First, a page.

3. There are no magic cures. No pill, salve, book, ointment or potion is going to solve all your problems no matter how hard you try. You are a whole person- body and soul. You will receive promises, and you will get relief with various products. But relief and healing are two separate things. For years I sought relief so I could continue to live the way I wanted. It took a long time to realize that first I needed to change the way I was living to bring healing to my body, and my soul. Whatever your plan, make sure it is multi-faceted like you.
  4. Not everyone knows what they are talking about. I have no agenda against the medical field, but I will say that not even doctors always know what is going on. If you find yourself facing drastic treatments like surgery or medicines that will wreck your body for the long term, always seek a second opinion. Always. You have more options than anyone else in the world.
  5. Patience required: The process takes time. Instant relief is a possibility. Instant healing- not usually. I believe God can do anything He wants, and He is the only agent of instant healing available. But if you are finding your path to healing takes time- that is ok. Be patient. God is with you in the process.
  6. Don’t get so preoccupied with the healing that you forget the Healer. My illness is one of the biggest blessings in my life not simply because it put me on a path to real health, but because it forced me into a relationship with God that requires me to rely on Him daily. I have come to expect less from myself and more from Him. Do I want to be completely healed? Heck yeah! But I don’t want Him to shorten this process one minute if it means I will miss something He wants me to learn. As long as it takes, Lord. I know that, no matter what, I will be healed one day.

It is my prayer that my story gives you hope, or at least a different perspective. God wastes nothing, Friend. He uses everything and works everything for the good of those who love Him. May He show you His love for you today, in every circumstance.

4 Comments Add yours

  1. Saraha says:

    Wow inspiration….Thank for sharing


    1. Glad it spoke to you. I can’t believe I just now saw this comment LOL. 😂🤪❤️


  2. Amy Wesner says:

    Dear Lauren, I’m so thankful for your honest transparency. I read your post when it first appeared and am finally responding to your hard-won expressed wisdom with deep gratitude for telling the truth about what a huge toll motherhood can take on women. Motherhood is such a major transforming influence on women’s bodies, minds, souls, and spirits. This everyday, obvious fact seems to be very blithely acknowledged by our U.S. society at large, and that can be devastating for women, I believe. I remember the first time I hated football with an alarming passion. I was breastfeeding our colicky firstborn at 2:00 am, exhausted beyond description, dealing with postpartum depression, and watching reruns of some guy getting an entire arena to cheer for him because he carried a football over some arbitrary line and probably getting paid millions to do so. I sobbed uncontrollably at the injustice because I knew millions of mothers like me had to scrimp financially and give of our very bodies and lives to bear and sustain the next generations without much corresponding acknowledgement at all. It was insulting to my personhood to absurdist degrees. I suppose I could spin that envy into some sin on my part, but I don’t believe the Holy Spirit is leading me to do so. Our culture fails miserably to honor mothers (and elders, but that’s a different rant) for the priceless, eternal value of our work on behalf of our families and society. I commend you for fighting the good fight, seeking and finding peace and healing where you can, and applaud your beautiful heart and spirit. God bless you, dear Sister. Thank you for your words that break through to acknowledge the silent suffering of many mothers. Love and peace to you always. Amy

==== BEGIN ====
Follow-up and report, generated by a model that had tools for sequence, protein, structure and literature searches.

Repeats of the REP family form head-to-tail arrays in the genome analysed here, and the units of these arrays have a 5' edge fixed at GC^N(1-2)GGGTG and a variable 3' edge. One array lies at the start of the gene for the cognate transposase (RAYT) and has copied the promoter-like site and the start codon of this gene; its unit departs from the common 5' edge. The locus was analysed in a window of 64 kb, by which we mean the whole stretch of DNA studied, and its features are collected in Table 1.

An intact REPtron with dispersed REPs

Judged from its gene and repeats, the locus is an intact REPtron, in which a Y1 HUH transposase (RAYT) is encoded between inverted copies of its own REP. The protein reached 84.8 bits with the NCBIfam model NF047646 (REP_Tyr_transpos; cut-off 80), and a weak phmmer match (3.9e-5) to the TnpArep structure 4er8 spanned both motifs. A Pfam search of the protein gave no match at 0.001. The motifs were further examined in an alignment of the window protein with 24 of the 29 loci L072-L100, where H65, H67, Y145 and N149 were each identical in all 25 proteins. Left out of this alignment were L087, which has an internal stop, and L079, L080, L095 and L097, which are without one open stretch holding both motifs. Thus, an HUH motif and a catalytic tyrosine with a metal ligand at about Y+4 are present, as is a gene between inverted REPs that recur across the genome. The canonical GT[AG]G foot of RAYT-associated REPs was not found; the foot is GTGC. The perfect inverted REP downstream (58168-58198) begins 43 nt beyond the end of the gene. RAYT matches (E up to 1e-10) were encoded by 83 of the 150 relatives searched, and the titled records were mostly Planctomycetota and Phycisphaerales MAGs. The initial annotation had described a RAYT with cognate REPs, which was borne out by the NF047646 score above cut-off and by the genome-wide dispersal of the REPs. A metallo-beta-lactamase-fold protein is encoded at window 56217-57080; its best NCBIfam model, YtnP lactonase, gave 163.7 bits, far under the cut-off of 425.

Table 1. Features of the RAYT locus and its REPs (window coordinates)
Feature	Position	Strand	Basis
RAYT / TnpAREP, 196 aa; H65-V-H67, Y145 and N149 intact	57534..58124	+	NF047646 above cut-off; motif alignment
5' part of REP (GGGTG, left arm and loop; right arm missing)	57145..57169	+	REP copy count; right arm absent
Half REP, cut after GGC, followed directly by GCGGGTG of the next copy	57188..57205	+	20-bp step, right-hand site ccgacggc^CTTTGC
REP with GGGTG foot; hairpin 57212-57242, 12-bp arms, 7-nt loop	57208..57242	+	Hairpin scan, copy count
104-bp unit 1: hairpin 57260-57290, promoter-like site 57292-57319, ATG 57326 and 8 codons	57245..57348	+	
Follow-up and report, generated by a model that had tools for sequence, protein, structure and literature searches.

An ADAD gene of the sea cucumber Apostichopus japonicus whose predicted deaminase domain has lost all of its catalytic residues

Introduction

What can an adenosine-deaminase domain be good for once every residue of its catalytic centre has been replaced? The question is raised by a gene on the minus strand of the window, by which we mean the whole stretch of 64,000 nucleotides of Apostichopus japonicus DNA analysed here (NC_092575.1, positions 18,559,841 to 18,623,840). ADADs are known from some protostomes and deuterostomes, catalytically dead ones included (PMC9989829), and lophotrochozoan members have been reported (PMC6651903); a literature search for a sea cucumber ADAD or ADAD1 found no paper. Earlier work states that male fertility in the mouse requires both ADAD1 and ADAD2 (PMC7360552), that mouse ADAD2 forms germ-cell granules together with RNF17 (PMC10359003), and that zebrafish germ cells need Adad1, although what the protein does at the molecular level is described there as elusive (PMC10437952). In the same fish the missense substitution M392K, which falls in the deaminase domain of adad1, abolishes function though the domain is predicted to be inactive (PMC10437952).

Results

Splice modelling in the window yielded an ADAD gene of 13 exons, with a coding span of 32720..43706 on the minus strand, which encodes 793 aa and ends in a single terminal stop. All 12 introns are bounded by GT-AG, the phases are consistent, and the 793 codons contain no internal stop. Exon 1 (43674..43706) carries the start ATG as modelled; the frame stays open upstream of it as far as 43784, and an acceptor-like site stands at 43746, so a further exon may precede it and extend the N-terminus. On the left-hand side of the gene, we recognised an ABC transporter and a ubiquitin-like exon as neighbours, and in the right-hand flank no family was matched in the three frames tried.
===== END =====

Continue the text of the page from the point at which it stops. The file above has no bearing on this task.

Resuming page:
1. Oh Amy, you said all this so eloquently. I can’t add a word to it. Keep up the good fight, Sister. Love and peace to you too!